NEW YORK (VINnews) — As efforts of Breslov chasidim to reach Uman for Rosh Hashana continue despite the war raging in Ukraine, the mayor of Uman stressed in media interviews that she cannot guarantee the safety of the thousands of pilgrims who would be present there.
“My position is that people need to be safe,” Iryna Pletnyova told The Times of Israel site on Tuesday. “And at the moment, this neighborhood that usually hosts the festivities doesn’t have enough bomb shelters. Unfortunately, we cannot guarantee the complete safety of the pilgrims if they come in.”
In normal years prior to COVID-19, up to 30,000 visitors from Israel and abroad would throng to the tomb of Rabbi Nachman, who promised his followers that he would intercede for them in heaven if they prayed at his tomb on Rosh Hashana.
However with the war between Russia and Ukraine in its fifth month and with no immediate signs of respite, both Ukraine and Israel would prefer that Jewish travelers stay away this year, but have yet to decide on the best way to convince the chasidim not to come.
“Because of the war and combat between Russian forces and Ukrainian forces, the Foreign Ministry is calling on Israeli citizens to refrain from traveling to Ukrainian territory, including Uman and its surroundings,” read a travel warning issued by Israel’s foreign ministry this week. The statement underscored the danger posed by rocket and aerial attacks on Ukraine.
Ukraine itself stated recently that due to the ongoing war, all tourists are banned from the country and that the Rosh Hashana prayer gathering, which falls this year at the end of September, remained “uncertain.”
Still, land borders are currently open to foreigners, though they must give a justified purpose for their visit and be ready to offer evidence of their plans.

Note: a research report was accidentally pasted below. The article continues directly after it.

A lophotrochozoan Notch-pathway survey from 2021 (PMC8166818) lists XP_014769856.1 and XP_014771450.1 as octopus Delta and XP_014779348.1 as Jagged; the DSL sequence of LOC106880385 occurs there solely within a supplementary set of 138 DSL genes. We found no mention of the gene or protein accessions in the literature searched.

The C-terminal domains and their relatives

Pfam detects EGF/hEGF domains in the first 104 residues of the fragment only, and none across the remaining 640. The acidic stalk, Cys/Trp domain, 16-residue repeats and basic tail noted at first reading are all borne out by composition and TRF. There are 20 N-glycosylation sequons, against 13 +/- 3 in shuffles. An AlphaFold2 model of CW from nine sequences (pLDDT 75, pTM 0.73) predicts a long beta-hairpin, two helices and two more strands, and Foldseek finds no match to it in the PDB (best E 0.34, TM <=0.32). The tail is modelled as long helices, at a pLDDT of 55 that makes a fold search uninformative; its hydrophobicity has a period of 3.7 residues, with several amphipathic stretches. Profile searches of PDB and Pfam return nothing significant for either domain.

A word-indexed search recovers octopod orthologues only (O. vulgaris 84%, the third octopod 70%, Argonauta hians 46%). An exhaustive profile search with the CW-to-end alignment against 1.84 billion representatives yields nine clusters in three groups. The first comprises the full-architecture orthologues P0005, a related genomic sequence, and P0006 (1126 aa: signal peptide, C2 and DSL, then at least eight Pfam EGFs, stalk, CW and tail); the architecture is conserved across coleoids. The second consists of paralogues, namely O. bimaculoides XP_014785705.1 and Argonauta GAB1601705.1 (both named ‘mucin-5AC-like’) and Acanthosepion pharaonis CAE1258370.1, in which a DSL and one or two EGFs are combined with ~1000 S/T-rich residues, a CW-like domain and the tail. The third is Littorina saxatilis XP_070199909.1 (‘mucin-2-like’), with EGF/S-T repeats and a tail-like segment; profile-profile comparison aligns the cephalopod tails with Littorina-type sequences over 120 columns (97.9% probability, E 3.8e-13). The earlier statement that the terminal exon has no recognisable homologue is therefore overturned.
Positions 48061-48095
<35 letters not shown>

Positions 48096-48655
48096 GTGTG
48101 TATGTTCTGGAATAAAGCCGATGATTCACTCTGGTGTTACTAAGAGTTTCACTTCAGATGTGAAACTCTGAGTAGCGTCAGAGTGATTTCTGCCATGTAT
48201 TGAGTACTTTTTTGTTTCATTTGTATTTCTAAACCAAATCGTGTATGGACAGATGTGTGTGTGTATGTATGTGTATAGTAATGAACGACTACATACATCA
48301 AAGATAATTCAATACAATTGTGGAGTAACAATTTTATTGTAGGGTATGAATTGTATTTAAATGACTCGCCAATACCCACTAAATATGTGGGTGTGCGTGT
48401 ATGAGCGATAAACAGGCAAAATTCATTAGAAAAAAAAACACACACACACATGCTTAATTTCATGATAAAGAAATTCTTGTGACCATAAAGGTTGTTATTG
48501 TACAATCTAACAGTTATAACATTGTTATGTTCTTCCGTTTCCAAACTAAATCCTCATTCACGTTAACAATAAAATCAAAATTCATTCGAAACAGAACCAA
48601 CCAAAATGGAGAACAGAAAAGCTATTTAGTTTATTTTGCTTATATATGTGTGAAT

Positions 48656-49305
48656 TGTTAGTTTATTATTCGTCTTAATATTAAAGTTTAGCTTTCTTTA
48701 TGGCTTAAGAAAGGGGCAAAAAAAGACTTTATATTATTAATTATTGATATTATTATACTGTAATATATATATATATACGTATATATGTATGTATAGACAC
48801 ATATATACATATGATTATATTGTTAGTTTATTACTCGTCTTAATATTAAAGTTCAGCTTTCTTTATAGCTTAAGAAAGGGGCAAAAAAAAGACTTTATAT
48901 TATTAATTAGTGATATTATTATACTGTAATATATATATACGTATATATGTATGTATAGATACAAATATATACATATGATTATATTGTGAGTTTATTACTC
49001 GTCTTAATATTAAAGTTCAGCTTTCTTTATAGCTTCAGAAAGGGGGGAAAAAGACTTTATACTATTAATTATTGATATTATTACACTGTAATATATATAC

Ukrainian Ambassador to Israel Yevgen Korniychuk told chareidi media outlets that the country “cannot guarantee the security of pilgrims” due to the Russian offensive, and asked the ultra-Orthodox community instead to “pray for the victory of Ukraine.”
“If we are going to have the festivities, we have to make sure that everyone is safe, and at the moment, we cannot guarantee that there are not going to be rocket attacks on Uman,” Pletnyova said.
From what the Jewish community has told her, Pletnyova expects a significant number of visitors to arrive prior to Rosh Hashanah regardless of the security situation.
“They’re not scared of the bombings,” the mayor said. “But if something goes wrong, then they are going to be looking for the person responsible, and the head of the city is going to be one of the people that is going to be blamed.”
Pletnyova said that the city either has to build more shelters or limit the number of people coming in.
Israeli ambassador to the Ukraine Michael Brodsky concurred with Pletnyova’s concerns and said that “they [the Ukrainians] haven’t finalized anything yet. They want to prevent pilgrims from arriving this year, for their own safety,” Brodsky said.
Brodsky stressed that: “Under normal circumstances, we are committed to the safety of Israelis. But under the current circumstances, the embassy won’t be able to provide consular or other services. We would strongly advise them not to come this year, for their own safety.”
Despite the travel warnings, a number of Israelis are still making the arduous land journey to Uman via Moldova, which can involve lengthy delays at the Ukrainian border as guards decide on who to let in to the wartorn country.
The chasidim arriving there are convinced that the divine protection afforded by Rabbi Nachman to those who visit his tomb will also apply in times of war. Even locals are hoping the Jews will come as they believe that it provides them with safety.
Local Judaica store owner Angelica Levinsky says that “when we were expecting the war to begin, Jewish children from across Ukraine were brought here to pray for Ukraine, and we said it helped postpone the war.”
Local non-Jewish residents expressed the same sentiment.
“We feel Uman is safer because of the Jewish presence,” said Dmytro, a local construction worker. “Because God is helping us, whether it’s Jesus, Allah, or Rabbi Nachman. Whoever it is, we feel under the protection over here.”
“And because of the large Jewish community here, we are safer, because the Russians will not dare attack the Jewish community,” he continued.
Jewish community leaders in Uman have insisted that Uman is far from the front lines and that a safe arrangement can be found for the pilgrimage.